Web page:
Tag Archives: Victorian satire

The Hyde Park Belle: 1851

Portrait of a Young Lady, John Emery (1802-1893) The Potteries Museum http://artuk.org/discover/artworks/portrait-of-a-young-lady-19847/search/keyword:young-lady/page/2

Portrait of a Young Lady, John Emery (1802-1893) The Potteries Museum http://artuk.org/discover/artworks/portrait-of-a-young-lady-19847/search/keyword:young-lady/page/2


[The interest excited by the details of the manner in which the London Poor don’t get their living, about the streets, has induced us to send a Commissioner forth to study the habits of an equally interesting and hard-working class of people—the- London Rich. We now have the satisfaction of placing his first experiences before our readers.]

No. I.—The Hyde Park Belle.

By the term ” Hyde Park Belle,” I mean to define a young lady living in the neighbourhood, rather than an habituee, of the Park. For the Hyde Park district is vast, and difficult to he defined; inasmuch, as new streets and squares are called Such and such a place, ‘ Hyde Park,’ which common people of practical minds would have denominated Paddington. But it is more agreeable to be associated with a patrician locality than a plebeian one; and therefore although ‘Westbourne Terrace,’ Edgeware Road, would be a correct address, yet ‘Hyde Park’ certainly has a prettier sound. In the same spirit, Mrs. Brown selects a godfather for her little boy with a good name. For John would answer all legal and social purposes, but Cleveland carries with it more ennobling thoughts.

In this pleasant region are produced charming young ladies: it is the realm of nice girldom. The one introduced to me, to give an account of her position and herself, was of middling stature, with oval face, chestnut hair, dark eyes, and very white and regular teeth. She had on a white transparent bonnet, and light muslin dress, all en suite. In answer to my questions, she replied as follows :—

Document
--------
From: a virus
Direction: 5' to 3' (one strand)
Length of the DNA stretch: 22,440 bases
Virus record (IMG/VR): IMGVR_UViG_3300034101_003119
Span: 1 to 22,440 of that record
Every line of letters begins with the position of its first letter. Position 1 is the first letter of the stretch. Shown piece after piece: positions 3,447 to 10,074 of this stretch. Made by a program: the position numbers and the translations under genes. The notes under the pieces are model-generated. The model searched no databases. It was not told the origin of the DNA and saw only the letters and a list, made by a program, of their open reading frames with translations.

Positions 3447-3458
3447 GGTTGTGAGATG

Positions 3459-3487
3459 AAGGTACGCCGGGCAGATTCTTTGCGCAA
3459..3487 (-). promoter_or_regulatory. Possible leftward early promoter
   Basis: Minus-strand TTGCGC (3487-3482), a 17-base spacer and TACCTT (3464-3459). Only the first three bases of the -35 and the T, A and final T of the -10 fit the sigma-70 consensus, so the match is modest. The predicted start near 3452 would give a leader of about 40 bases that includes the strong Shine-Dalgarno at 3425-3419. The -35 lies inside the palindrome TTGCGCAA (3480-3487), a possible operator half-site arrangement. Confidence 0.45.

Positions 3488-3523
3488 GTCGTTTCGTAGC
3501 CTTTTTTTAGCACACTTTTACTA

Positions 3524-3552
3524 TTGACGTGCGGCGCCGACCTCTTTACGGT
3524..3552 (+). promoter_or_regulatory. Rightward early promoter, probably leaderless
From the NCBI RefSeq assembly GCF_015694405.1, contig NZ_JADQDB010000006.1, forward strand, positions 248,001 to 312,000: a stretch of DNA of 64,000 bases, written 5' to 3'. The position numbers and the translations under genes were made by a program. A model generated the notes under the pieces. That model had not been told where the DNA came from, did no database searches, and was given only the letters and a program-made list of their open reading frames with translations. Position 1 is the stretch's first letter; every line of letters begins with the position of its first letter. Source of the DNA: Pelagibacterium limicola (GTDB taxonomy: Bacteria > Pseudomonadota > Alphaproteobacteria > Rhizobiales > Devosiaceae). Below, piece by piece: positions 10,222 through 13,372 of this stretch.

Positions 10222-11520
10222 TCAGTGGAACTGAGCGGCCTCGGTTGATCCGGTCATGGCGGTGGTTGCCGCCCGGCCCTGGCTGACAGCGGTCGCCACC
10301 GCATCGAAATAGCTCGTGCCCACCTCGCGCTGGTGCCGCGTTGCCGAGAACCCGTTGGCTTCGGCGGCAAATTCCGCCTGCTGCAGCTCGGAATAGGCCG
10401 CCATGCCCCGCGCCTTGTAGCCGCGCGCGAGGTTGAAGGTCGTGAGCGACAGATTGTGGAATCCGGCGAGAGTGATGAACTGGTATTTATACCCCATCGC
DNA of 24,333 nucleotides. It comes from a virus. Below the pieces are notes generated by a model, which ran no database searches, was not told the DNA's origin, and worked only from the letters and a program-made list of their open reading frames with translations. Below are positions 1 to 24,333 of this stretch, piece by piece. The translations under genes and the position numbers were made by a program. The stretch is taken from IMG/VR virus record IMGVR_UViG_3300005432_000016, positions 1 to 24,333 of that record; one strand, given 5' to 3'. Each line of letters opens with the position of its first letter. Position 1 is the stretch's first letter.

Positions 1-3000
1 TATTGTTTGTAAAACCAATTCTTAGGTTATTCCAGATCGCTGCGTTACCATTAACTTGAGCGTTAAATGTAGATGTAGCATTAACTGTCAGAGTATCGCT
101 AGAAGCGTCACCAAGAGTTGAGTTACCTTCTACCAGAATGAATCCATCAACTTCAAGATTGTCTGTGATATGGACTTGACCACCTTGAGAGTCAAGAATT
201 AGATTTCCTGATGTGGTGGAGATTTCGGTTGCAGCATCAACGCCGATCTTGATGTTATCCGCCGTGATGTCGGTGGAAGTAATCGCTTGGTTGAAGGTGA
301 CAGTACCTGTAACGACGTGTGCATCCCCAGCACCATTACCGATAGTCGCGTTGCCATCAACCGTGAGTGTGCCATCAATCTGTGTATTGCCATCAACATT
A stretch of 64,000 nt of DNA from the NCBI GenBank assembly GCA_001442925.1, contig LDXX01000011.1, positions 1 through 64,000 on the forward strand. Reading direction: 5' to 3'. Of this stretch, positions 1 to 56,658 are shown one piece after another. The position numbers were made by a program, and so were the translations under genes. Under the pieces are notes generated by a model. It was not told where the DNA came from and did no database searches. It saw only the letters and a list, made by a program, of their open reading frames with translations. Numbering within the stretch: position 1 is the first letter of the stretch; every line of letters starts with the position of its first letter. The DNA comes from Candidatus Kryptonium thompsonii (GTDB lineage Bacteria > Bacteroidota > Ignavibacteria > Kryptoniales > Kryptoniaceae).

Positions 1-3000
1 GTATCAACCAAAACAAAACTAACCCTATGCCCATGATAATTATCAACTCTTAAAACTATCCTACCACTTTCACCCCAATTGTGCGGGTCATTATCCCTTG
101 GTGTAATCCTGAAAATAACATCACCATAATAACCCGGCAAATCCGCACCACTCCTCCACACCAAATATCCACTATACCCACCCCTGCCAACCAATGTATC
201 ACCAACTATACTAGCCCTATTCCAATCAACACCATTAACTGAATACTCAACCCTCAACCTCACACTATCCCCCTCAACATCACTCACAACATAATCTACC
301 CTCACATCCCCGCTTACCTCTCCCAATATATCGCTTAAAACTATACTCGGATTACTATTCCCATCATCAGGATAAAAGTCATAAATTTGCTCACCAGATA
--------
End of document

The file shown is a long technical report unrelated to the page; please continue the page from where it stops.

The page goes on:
“I shall be nineteen in August, and have been out two years and a half. Have I ever been engaged? Only once, and that was broken off, because I went on a drag to Richmond, with the officers of the —th. Lady Banner was inside,—it was all perfectly proper. She is a very nice woman—always ready to chaperone anybody anywhere, at a moment’s notice, if her share is paid; only sometimes she bores me dreadfully. Edmund went to India. I don’t know where he is now. I have not heard. I dare say he is somewhere. He bored me dreadfully at last. I work very hard,—oh, very hard indeed; that is, in the season. My maid always sits up to make tea for me when I come home. Her hours are very regular considering. She goes to bed every morning about four; but then she does not have to dance half the night. Yes, I like the Crystal Palace;—oh! I get so tired there—walking, and walking, and walking, you can’t think how far. I know the Crystal Fountain, and Dent’s Clock, and the Stuffed Animals, and the Envelope Machine. I don’t think I have seen anything else. I have never been out of the nave and transept. Nobody goes anywhere else. I did not know that there was anything to see upstairs, except large carpets. I am sure they would bore me dreadfully. We are engaged every night. Yesterday, after my singing lesson, I was at the Botanical Fete, and there were no seats; and mamma stood by the band for nearly two hours, because Lord Downless was there ordering the tunes. It was his regiment. He did not see us, and mamma was so cross. I am sure I did not want to see him: I was dreadfully bored. We had scarcely time to dress for the Grapnel’s dinner party; and then we went to Mrs. Crutchley’s, to meet the Lapland Ambassador. We could not get into the room, and stood for two hours more on the landing. Old Mr. Tawley was there, and would keep talking to me: he bores me always dreadfully. He is going to take mamma and me to see some pictures somewhere. I hate seeing pictures; they bore me dreadfully! After Lady Crutchley’s we went to Mrs. Owley’s amateur concert, which was nearly over. She only has classical music. I don’t know what classical music is: I only know it bores me dreadfully. Ashton Howard says, the same people who like classical music buy old china, and wear false hair. All the ice had gone, and the room was like a furnace. The ice had gone, because Mrs. Owley never has too much, and there was a new servant who did not understand her odd ways, and put large pieces in the plates at first. I had a dreadful headache. I wish people would give up classical music. It never amuses anybody—that is, anybody worth amusing. They played nothing but things they called Ops. There was Op 42 and Op 16, and something in F, but I don’t recollect what. It lasted half-an-hour, and began all over and over again. I don’t know whether the Huguenots is classical music or not, I only know, when they give it at the Royal Italian Opera nobody seems bored then. I don’t know that I am exactly.